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On my own behalf and as deputy for Bob (see the Odessa File), here is the nomination for the next round of the limerick game: Venezuela.
 
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2 entries so far (Richard English and jerry thomas): keep 'em coming.

I shall be away from home (and computer) between Thursday evening and Sunday. Subject to Bob Hales's possible participation, may I suggest Saturday midnight (BST) as deadline, and I'll look at the entries on my return on Sunday.
 
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Should have my pair, though I reserve the right to beautify them prior to Sunday


Myth Jellies
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Should have my pair, though I reserve the right to beautify them prior to Sunday

I look forward to seeing your beautiful pair Wink


Richard English
 
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2 entries so far (Richard English and jerry thomas): keep 'em coming.

You didn't get mine?


Give a man a fish and he can eat for one day; give a man a fishing pole and he will find an excuse to never work again.
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No, proofreader, for some reason I haven't received anything from you. I've had Myth Jellies' "nice pair" (and those of Richard English and jerry thomas). Would you transmit it/them again, please?
 
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No, proofreader, for some reason I haven't received anything from you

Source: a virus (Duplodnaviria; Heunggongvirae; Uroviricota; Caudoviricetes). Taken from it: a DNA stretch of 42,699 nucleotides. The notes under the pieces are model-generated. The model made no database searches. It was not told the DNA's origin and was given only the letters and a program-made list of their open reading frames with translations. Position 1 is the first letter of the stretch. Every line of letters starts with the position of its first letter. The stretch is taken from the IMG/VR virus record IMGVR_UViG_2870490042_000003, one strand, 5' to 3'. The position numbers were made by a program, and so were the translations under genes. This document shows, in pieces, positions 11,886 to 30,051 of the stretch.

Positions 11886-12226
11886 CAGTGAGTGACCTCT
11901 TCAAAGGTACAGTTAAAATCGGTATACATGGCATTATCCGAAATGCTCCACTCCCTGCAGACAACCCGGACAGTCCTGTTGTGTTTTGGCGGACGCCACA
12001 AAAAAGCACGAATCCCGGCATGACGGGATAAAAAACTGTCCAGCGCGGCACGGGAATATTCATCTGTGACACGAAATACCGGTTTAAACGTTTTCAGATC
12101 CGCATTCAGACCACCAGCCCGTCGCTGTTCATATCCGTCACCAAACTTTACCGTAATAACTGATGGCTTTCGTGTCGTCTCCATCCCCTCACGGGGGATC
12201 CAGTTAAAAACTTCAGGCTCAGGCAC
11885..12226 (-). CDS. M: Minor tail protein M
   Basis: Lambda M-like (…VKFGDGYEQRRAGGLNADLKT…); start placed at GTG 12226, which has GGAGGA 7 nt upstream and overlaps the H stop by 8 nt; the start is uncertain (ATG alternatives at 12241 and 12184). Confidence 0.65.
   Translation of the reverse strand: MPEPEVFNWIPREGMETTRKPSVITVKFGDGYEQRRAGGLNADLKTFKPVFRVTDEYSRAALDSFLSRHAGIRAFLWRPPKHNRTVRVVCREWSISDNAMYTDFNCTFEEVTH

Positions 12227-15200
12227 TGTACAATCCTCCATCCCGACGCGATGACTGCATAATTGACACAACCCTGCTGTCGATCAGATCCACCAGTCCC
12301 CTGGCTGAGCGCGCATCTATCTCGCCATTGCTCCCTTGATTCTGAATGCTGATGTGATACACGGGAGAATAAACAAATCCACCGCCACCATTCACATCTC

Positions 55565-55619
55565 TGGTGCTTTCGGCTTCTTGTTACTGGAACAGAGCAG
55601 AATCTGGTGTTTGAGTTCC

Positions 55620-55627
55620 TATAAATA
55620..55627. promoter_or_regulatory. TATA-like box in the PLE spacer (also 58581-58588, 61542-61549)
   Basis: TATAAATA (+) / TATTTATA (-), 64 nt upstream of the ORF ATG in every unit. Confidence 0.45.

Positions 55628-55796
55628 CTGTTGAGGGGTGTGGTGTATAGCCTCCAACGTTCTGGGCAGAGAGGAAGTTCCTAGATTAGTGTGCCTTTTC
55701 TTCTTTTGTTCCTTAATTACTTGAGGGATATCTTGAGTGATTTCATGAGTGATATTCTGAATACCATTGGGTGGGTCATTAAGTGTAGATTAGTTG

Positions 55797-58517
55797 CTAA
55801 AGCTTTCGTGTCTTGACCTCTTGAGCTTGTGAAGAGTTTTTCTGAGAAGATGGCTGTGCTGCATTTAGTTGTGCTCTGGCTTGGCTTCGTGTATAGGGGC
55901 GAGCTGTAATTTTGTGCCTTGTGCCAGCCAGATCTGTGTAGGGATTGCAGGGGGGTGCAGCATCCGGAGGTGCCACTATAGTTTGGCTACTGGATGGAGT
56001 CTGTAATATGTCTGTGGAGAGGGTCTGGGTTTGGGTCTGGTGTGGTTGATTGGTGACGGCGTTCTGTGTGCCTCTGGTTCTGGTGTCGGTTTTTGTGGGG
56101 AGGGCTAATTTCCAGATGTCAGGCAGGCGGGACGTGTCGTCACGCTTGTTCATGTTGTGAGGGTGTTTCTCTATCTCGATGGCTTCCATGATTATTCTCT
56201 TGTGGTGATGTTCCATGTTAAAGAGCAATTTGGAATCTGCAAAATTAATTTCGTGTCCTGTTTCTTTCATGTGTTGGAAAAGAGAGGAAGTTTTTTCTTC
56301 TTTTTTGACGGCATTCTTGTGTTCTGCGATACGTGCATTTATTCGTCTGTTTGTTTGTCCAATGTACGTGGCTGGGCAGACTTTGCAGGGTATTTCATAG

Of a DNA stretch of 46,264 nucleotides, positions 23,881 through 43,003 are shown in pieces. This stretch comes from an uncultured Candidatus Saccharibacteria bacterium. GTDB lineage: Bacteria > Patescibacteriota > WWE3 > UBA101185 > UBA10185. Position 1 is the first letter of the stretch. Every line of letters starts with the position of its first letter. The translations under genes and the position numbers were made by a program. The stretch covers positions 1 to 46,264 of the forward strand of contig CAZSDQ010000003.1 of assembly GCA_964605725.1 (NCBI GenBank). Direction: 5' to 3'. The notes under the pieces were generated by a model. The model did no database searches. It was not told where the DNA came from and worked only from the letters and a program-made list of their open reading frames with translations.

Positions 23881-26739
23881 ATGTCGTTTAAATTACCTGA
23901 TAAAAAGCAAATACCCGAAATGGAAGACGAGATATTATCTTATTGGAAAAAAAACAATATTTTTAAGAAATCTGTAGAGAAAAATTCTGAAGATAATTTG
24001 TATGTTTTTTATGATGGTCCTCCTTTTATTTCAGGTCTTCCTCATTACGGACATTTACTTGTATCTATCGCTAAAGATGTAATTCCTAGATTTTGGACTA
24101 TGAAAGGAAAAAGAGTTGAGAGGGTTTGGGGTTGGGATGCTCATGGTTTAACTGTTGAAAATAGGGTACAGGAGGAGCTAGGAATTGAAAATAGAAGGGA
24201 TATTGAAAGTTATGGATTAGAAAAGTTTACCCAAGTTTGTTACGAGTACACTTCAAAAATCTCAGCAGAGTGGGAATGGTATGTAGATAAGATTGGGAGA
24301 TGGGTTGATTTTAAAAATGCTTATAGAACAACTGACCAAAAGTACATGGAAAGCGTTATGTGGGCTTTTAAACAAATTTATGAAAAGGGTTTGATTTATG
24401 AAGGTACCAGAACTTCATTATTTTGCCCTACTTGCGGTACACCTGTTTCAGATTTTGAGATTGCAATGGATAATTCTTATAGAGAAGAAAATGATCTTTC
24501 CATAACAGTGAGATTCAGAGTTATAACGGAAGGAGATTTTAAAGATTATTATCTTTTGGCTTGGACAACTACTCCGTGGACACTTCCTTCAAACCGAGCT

Sent a second time at 05:45 to Timon and Richard.


Give a man a fish and he can eat for one day; give a man a fishing pole and he will find an excuse to never work again.
Nollidj is power.
 
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Originally posted by Proofreader:
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No, proofreader, for some reason I haven't received anything from you

Sent a second time at 05:45 to Timon and Richard.


Boy, you're having a bad day...

You meant to send it to timon and Bob (not Richard) but you've accidentally sent it to tinman and Bob.
 
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Sent a second time at 05:45 to Timon and Richard.

Sorry for the mix-up. That's what happens when you try to cut corners to save time. Sometimes I need a magnifier to read and thought I didn't for the post. Obviously I was WRONG! And then I somehow got Richard involved in the post. DOUBLE WRONG!


Give a man a fish and he can eat for one day; give a man a fishing pole and he will find an excuse to never work again.
Nollidj is power.
 
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I've now received yours, proofreader. Just as well you raised a query here!
 
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My outcry has put me in a bad position, hasn't it? I am sorry about that; I need to develop tougher skin, I guess.

I sent one to timon and asked him not to judge it. I do love writing these, so I'll just submit "extra" ones for awhile.
 
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I'm in.

Kalleh, I like your and Myth's ideas about multiple judging and/or guessing authors. Probably at some stage it'd be good to ring the changes one way or another, to keep it interesting.
 
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There were 7 entrants for the Venezuela round of limerick-writing, who submitted 9 pieces between them. I’m afraid some people may have been put off by a difficulty in rhyming the chosen name, a difficulty that I not foreseen or intended.